I love hot sauce. I put it on everything from mac and cheese to pizza to eggs. But I don’t need it to be so hot that it drowns out what I’m eating. That’s why I love El Yucateco Chipotle. In their line of sauces, it’s probably one of the mildest, but it has a smoky, sweet flavor with enough heat to make it worthwhile.
This sauce is made from chipotle peppers and clocks in at 3,400 Scoville units. Is that a lot? I actually have no idea. What I do know is that El Yucateco is fantastic. Especially when I am cooking ribs and want to amp up the smokiness.
FOR WHEN YOU’RE LISTENING TO PUNK MUSIC IN AN OC TACO DIVE: Gringo Bandito Spicy Yellow
Remember the band Offspring? This is part of the line of sauces created by the band’s frontman, Dexter Holland. While that turn of events might sound strange, even stranger (and more interesting) is the fact that Holland, a Ph.D. in molecular biology, takes the sauce game very seriously and produces one hell of a product. (I’m not in love with the label or name, though.)
The Spicy Yellow is the best of the Gringo Bandito line. It utilizes scotch bonnets and habaneros and carries the fruity flavors of those two chilies throughout. There are also some nice garlic, onion, and black pepper notes. It’s an excellent pick for eggs and tacos and a step up from the brand’s own, more popular, traditional red sauce.
Heat Level: Warm but not overpowering.
FOR A DANK BURRITO: Nine Mile Hempress Rising
Back in college, we used to call a giant San Diego Cali-Burrito loaded with carne asada and french fries “dank.” A double-wrapped monster that would flatten you out faster than smoking a bowl of purple kush. The heat always came from those house made red sauces that every taco shop has. But as my tastebuds acclimated to handle serious Scovilles, I started adding jalapenos (raw, not pickled) to my burritos — I found the jalepeno to be the perfect way to cut through the richness of a gut bomb.
Hempress Rising reminds me of the “dank burrito” era both because it uses hemp seed oil to provide a silky mouthfeel and because it highlights the power of the jalepeno — it’s such a lovely pepper and so fruity and “green” tasting. So many tomatillo sauces go overboard but this one does the smart thing and treats it light a supporting player. The grassy flavor is there but it’s subdued. In fact, all the secondary flavors are nicely balanced. What’s left is the smoky, fire-roasted jalapenos — the star of this very hot, very delicious, super dank show.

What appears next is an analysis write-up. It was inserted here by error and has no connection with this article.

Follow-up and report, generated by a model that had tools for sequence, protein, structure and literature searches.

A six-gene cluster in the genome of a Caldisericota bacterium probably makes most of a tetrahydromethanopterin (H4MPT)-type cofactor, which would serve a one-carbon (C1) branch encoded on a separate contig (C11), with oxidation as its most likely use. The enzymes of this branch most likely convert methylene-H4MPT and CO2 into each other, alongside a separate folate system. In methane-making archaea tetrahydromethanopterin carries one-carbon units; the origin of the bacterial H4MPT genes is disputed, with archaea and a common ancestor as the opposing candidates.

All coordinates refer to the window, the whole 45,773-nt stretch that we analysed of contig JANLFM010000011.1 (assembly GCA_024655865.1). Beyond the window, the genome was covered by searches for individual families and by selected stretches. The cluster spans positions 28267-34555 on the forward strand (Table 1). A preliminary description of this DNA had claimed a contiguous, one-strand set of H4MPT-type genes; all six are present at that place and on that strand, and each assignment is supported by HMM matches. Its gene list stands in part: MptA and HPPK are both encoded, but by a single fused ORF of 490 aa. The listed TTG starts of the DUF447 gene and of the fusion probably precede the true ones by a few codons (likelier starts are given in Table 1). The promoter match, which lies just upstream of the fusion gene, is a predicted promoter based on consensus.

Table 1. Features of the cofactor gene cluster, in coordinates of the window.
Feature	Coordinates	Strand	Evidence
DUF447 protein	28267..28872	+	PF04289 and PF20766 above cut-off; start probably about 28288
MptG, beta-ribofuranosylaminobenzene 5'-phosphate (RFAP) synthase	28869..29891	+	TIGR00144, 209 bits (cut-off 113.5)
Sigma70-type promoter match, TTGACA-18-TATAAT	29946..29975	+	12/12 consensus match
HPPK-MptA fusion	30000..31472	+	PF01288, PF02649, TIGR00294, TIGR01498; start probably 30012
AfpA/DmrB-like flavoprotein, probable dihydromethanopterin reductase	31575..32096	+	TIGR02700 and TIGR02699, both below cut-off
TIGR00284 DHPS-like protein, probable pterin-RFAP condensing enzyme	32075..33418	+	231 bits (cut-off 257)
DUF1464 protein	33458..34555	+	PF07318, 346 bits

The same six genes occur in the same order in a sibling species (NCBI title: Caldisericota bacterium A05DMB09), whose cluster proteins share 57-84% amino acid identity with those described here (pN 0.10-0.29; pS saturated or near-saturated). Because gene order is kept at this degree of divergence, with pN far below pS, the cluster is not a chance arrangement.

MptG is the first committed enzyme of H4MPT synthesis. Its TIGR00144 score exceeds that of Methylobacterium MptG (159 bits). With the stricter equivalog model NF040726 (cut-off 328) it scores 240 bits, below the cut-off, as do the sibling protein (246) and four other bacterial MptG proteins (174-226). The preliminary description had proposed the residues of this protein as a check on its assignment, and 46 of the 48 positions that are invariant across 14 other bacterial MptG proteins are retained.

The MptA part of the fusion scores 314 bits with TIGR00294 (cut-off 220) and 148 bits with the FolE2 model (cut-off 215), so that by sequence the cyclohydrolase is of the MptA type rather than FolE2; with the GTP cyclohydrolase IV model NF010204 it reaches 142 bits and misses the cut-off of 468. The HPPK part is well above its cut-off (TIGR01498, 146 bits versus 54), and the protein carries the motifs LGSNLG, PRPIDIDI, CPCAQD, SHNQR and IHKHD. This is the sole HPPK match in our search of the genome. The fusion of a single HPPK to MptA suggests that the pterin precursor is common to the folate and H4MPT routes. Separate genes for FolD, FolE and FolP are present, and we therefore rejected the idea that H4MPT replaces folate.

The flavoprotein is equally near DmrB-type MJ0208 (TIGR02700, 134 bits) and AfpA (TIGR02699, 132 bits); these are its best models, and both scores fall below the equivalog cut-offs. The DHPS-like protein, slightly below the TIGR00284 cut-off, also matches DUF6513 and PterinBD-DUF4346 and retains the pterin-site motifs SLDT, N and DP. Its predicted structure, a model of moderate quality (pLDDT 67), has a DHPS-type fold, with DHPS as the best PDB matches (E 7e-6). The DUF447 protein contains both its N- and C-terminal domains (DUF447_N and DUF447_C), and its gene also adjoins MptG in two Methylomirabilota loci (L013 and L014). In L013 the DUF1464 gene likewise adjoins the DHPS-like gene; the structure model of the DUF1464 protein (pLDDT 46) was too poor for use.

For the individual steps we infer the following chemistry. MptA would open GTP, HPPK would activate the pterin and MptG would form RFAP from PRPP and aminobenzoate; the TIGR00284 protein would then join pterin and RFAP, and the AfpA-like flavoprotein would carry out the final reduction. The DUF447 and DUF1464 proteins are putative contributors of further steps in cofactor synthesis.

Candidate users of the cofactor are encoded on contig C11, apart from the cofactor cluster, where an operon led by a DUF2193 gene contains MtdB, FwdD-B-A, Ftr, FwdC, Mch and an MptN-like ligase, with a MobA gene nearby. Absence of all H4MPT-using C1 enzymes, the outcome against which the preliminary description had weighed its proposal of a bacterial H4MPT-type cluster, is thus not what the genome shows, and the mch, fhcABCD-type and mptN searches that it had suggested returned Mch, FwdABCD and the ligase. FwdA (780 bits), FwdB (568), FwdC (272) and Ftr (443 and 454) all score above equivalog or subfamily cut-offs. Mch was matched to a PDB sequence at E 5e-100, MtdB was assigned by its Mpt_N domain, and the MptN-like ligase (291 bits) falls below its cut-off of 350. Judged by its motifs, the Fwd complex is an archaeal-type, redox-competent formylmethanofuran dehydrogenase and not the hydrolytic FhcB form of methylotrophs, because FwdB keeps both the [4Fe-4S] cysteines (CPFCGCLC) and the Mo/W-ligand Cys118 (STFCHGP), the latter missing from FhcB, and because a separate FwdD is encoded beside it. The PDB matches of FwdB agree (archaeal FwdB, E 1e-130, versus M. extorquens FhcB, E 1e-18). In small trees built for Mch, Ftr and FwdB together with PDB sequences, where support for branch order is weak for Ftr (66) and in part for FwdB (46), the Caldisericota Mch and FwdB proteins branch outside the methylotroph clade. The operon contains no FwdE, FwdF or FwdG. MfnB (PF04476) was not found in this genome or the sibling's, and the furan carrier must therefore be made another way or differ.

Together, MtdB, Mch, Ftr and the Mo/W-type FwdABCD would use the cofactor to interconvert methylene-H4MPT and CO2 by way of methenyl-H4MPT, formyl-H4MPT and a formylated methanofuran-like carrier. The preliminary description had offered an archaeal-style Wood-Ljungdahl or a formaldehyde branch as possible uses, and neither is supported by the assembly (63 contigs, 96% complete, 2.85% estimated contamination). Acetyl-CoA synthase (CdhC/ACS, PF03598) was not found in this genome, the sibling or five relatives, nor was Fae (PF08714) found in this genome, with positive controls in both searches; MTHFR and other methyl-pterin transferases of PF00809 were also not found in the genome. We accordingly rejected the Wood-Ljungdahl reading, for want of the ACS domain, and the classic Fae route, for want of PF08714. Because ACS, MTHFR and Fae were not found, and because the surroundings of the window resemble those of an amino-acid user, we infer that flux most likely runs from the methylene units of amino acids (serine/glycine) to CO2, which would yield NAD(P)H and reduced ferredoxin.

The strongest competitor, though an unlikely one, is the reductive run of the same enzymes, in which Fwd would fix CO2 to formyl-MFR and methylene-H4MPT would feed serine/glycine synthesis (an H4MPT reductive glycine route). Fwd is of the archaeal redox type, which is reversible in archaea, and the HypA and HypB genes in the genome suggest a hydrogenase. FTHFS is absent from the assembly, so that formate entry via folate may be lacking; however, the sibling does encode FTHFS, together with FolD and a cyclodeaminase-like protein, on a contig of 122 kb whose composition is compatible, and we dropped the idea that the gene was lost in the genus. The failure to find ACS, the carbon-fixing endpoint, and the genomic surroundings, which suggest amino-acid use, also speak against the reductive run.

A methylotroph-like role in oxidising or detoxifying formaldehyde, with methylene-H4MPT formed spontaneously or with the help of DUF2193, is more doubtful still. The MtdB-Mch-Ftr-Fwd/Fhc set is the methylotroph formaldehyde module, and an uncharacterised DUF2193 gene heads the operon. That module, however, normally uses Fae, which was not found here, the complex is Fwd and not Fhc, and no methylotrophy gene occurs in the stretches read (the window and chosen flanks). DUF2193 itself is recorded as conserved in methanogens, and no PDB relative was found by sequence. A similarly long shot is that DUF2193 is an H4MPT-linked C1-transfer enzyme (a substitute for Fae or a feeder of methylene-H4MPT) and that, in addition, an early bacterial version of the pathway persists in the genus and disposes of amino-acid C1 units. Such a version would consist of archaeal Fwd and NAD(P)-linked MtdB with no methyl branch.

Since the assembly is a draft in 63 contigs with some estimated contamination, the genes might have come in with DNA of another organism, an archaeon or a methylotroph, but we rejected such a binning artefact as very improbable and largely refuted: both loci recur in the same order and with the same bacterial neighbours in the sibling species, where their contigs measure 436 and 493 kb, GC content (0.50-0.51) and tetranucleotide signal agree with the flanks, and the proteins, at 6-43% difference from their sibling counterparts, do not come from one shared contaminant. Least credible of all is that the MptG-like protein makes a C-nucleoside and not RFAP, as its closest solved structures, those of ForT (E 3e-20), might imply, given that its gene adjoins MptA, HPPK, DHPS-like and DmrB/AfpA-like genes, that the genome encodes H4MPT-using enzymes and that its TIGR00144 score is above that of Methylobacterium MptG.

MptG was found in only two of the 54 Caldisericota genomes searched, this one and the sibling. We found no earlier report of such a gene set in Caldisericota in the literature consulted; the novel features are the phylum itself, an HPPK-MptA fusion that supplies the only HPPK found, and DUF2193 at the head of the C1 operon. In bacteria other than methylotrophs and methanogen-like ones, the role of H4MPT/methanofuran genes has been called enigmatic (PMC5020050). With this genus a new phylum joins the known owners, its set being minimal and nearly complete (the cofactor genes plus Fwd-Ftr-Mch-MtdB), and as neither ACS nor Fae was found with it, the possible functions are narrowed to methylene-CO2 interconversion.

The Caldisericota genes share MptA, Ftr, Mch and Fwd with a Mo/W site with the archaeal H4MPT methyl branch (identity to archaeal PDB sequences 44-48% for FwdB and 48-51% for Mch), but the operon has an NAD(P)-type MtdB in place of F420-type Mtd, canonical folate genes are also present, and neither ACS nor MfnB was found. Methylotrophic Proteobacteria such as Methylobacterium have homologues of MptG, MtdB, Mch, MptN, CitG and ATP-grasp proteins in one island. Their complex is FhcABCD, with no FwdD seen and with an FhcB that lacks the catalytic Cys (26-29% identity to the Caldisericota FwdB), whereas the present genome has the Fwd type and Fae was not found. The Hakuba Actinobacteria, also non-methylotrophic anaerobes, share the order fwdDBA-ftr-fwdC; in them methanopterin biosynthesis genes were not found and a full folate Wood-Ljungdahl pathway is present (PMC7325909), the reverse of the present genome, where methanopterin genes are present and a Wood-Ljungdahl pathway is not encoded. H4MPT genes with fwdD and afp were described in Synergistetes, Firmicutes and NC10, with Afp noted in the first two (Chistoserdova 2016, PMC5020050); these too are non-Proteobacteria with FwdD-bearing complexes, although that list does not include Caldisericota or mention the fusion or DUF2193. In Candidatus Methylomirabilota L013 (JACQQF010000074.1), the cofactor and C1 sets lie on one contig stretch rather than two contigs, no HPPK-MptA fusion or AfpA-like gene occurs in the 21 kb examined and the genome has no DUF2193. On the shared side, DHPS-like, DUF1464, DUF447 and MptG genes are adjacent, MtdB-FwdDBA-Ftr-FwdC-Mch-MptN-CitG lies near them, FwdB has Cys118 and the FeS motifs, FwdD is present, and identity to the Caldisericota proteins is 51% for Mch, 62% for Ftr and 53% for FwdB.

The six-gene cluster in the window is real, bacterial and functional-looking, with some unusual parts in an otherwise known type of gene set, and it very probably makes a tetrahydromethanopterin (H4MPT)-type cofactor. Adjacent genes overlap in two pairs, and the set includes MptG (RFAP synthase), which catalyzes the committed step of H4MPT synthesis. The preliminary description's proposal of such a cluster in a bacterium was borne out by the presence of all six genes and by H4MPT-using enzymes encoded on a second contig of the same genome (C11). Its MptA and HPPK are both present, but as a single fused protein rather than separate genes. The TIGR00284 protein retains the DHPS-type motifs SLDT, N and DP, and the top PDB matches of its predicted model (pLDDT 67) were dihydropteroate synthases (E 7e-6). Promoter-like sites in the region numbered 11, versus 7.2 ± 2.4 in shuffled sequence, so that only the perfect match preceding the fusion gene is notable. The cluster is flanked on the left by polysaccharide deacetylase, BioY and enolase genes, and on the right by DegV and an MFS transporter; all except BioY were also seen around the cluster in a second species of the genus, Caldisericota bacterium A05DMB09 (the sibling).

Heat Level: It layers the “fresh” heat and the “stewed” heat to hit you on two levels. Won’t lay you out flat but will make you look around desperately for the nearest glass of water.
FOR WHEN YOU’RE BUYING IN BULK OR JUST MAKING SOME HASH BROWNS: Salsa Valentina
The first thing you should know about Salsa Valentina is that you can put both of your hands around the jar. This is no dainty, bottleneck hot sauce bottle. It doesn’t have an artisanal wooden cap like Cholula. Hell no. It’s a chubby, thick barrel-shaped glass container with a wide-mouth plastic spout that lets you throw down thick streams of hot sauce all over your hash browns.
If I see it in someone’s cupboard, my respect for them goes up tenfold. If I had a one-night stand and was offered this with eggs the next morning, I’d probably try to marry the guy. Valentina’s two distribution companies are in California and Texas, so expect to see it primarily in the Southwest. In New York, I found it in the regional food aisles of grocery stores, and very good diners, but it was scarce elsewhere — a shame because this is a well-balanced, flavor-forward sauce that’s as cheap as they come.
Heat Level: Classic “hot sauce” level and not a bit more.
FOR WHEN YOU’RE GOING UPSCALE: Truff — White Truffle Infused Hot Sauce
Look, I don’t know what to say. This stuff is hyped as hell (what hot sauce has 125K followers on Instagram?), Oprah chose it as one of her “favorite things” (twice!), and truffle oil is plaaaaayed out, but still… It’s freaking good. Like really good.
The heat and umami richness of the truffles are, quite literally, the perfect match. You get a hot sauce that hits those high, bright chili pepper notes and manages to have an “of the earth” mushroom quality. The fact that the sauce uses white truffle oil means it’s got a silkiness to it that most sauces lack and the heat, though it has a nice punch, doesn’t linger too long. In fact, I could use it turned up a quarter-notch.
Be warned: This sauce is pricey ($35). But if you’re having a dinner party post-pandemic and want a special bottle on the table that will elevate food rather than just making it spicier, this is a winner. The flavors are potent and the bottle is elegant.
Heat Level: Very Manageable
FOR WHEN YOU’RE READY TO MAKE YOUR OWN — Two-Shack “Como El Otro” Hot Sauce
This hot sauce was included in the book Cooking With Spices by Mark Stevens (who writes for Uproxx). In the ultimate small world moment, it comes courtesy of John “Two-Shack” Nicks, father of Denver Nicks, interviewed above. As Two-Shack notes, there’s a lot going on. You can make it hot as you want by adding additional cayenne.
From the man himself:
“Many hot sauces are comprised of a mixture of vinegar, pepper of one or more varieties and salt. I like to make a more complex hot sauce. I liked the ‘Two Dick Billy Goat’ sauce at the Thunderbird Restaurant in Marfa, Texas. I tried to duplicate it and came up with this. It will not be too hot for most people.”
- 1 cups apple cider vinegar
- ½ small can tomato paste
- 1 small tomatillo or green tomato, chopped
- 4 dried cayenne peppers, chopped
- 3 Pasilla Bajio chilies, seeded (or keep seeds if you want more heat)
- 2 Anaheim Peppers, pith removed (or mild Hatch Peppers, if available)
- 1 ½ tsp sea salt
- 1 small carrot, shredded
- 1 small red onion, chopped
- 1 ½ tsp of date molasses or blackstrap molasses as a substitute
Mix all ingredients together. Refrigerate